Daily photos by Brennen Smith|
Aranda Beckwith at University Collectibles in Colonial Mall.
Cheering team cheers stores
Fans flock to retailers to help declare their allegiance on game day
By Bayne Hughes
Auburn University’s orange and blue and The University of Alabama’s crimson and white are the colors of Iron Bowl week, but they mean lots of green for some area retailers.
These retailers said fans of both schools flock to their stores so they can declare their allegiance at work, home, school and on game day.
Christmas starts early for these retailers, many of whom depend on the fervor of fans to pay their bills. Nancy Dennis of the Alabama Retailers Association said she doesn’t have any numbers on how big this week is. “Every big retail store to small convenience store is selling Auburn and Alabama merchandise, so I know it’s big.”
Even Cracker Barrel, known for the meals grandma used to make, offers Tide and Tiger fans an opportunity to wear or to display school preference.
“It’s not as big as Christmas, but it’s pretty close,” said Andriea Borden, manager of University Collectibles in Colonial Mall.
Martin’s Store Manager Carol Polston said Alabama and Auburn apparel and memorabilia have grown to the point that they’re a major draw.
“It’s not totally driving our business, but we have people coming from all over when they hear we have such a large selection of Alabama and Auburn stuff,” Polston said.
It is not just retailers who smile as the Iron Bowl approaches. The schools benefit, too.
Both Auburn and Alabama collect an 8 percent licensing fee from the vendors who produce their merchandise. Both schools use most of that money for scholarships.
Alabama — with this year’s revenue boosted significantly by the arrival of Coach Nick Saban — collects more than $3 million a year. Auburn collects more than $2.5 million.
Licensing does not go to everyone who asks for it. Vendor licensing requests for both Auburn and Alabama go through Atlanta-based Collegiate Licensing Co. CLC evaluates proposals and makes a recommendation to the schools.
Usually, the licensed vendor is not the company from which fans buy the product, but the producer of the product. For example, Nike and JanSport are major licensees of Alabama.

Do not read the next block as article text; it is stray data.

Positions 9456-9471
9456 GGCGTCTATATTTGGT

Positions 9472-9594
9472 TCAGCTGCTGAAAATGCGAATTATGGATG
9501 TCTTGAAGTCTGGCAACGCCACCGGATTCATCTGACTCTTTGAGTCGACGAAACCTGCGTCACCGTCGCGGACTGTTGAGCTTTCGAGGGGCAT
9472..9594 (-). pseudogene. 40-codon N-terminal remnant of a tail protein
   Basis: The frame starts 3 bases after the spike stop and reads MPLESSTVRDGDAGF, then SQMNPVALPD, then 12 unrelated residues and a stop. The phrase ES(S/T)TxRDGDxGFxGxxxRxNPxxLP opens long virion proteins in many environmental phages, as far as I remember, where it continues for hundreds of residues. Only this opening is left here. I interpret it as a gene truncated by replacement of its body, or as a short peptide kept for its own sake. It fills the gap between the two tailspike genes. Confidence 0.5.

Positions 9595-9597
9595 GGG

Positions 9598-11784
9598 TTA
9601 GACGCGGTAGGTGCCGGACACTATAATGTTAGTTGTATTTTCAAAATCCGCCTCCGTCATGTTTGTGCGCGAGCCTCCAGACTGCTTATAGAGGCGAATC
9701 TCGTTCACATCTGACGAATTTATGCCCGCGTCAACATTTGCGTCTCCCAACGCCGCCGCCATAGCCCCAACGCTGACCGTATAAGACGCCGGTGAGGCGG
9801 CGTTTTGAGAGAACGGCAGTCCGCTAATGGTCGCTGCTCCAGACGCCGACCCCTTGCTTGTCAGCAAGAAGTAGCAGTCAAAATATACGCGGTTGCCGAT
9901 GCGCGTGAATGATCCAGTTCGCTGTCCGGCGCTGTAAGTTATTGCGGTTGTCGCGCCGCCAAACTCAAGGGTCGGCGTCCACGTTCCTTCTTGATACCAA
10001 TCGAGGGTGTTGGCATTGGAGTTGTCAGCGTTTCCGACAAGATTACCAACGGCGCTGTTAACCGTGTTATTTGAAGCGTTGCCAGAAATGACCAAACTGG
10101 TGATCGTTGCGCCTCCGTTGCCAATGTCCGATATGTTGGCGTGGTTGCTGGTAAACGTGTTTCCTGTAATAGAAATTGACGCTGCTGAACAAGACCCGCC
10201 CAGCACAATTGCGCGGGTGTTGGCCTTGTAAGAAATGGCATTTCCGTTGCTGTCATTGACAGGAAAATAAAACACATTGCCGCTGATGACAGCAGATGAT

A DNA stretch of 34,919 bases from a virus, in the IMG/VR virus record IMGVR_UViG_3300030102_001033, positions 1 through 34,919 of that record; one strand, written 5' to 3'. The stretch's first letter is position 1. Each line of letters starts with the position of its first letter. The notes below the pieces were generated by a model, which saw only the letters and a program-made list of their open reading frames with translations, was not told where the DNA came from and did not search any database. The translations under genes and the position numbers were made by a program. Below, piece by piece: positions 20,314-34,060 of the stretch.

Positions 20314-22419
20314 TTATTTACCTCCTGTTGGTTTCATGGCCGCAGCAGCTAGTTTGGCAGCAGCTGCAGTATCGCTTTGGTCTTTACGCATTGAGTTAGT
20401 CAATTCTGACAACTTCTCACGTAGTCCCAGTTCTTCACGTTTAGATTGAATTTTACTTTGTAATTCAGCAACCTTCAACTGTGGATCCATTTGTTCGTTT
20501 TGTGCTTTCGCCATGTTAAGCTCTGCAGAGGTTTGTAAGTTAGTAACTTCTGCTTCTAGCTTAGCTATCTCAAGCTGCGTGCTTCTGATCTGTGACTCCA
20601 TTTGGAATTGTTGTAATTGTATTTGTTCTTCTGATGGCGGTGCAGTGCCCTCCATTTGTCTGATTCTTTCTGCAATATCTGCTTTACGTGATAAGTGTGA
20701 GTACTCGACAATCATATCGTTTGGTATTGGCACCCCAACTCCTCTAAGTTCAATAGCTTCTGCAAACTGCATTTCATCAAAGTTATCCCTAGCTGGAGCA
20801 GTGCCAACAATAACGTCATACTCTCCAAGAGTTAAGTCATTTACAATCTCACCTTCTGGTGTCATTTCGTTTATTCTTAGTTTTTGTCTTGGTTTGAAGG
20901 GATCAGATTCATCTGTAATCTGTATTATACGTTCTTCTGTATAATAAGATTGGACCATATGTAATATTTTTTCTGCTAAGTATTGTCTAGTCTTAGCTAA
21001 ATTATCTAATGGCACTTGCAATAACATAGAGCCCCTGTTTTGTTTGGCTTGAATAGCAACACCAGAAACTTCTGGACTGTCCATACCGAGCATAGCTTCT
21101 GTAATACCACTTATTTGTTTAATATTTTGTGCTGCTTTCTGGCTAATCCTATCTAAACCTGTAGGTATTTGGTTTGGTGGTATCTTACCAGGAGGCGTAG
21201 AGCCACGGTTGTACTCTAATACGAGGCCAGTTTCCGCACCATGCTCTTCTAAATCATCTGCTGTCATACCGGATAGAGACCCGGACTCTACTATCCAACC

“We approve or disapprove each company based on whether we think it’s a good product,” said Jennifer Martin, assistant director of marketing and trademark licensing at The University of Alabama. “We don’t want to have the university’s mark on something that’s poor quality.”
Even after the vendor is approved, it must submit its artwork to the school for approval.
“We make sure it’s tasteful and classy,” Martin said. “It needs to meet up with our standards.”
Phillip Casteel, owner of Red Elephants on Central Parkway Southeast, said he sold $200 worth of Alabama shirts last week to one company wanting to put all of its employees in crimson this week. That sale is another $16 for Alabama scholarship recipients.
“The impact of this week is huge,” Casteel said.
Alabama is already the big winner in this rivalry of who buys the most merchandise to support a team. The retailers interviewed estimated that they sell 40 to 50 percent more Alabama than Auburn.
“That’s why our stores carry more Alabama than Auburn,” said Ashton Bennich, assistant manger of the Hibbett’s Sporting Goods in the mall. “We always sell more Alabama no matter what. Auburn doesn’t always sell.”
Borden agreed with Bennich, saying, “Auburn just doesn’t have the backing that Alabama has. Alabama is one of the most popular teams in the SEC (Southeastern Conference) and its got a long tradition. It’s hard to compete with that.”
Even though Auburn has a five-game winning streak over Alabama, Bennich said the younger generation mostly goes for the Crimson Tide gear.
The retailers said the most popular merchandise for Alabama fans are the polo shirts and hats like Coach Nick Saban wears and anything with Bear’s houndstooth black and white. Crimson usually outsells white, but barely.
Jack and Betty Harrison look at Auburn and Alabama electronic key chains, which play school fight songs.
Auburn fans are going for anything burnt orange, replacing the once popular navy blue with burnt orange highlights.
The stores do carry a few of other teams’ items. Tennessee’s orange and white is hard to miss, but the retailers said sales pale in comparison. Borden said LSU is the popular team this year, as Florida was last year when it was on the way to a national title.
“We have some Tennessee fans who come from South Tennessee because there aren’t many places to shop there,” Borden said.
The sales don’t stop with Saturday’s big game. The winners of the showdown want T-shirts to declare their victory. Fans will be lining up before opening Sunday morning to buy the shirt, and they don’t last very long.
“It doesn’t make a difference who wins,” Polston said. “Both fans will buy a lot.”
Eric Fleischauer contributed to this article.
Save $84.50 a year off our newsstand price:
Subscribe today for only 38 cents a day!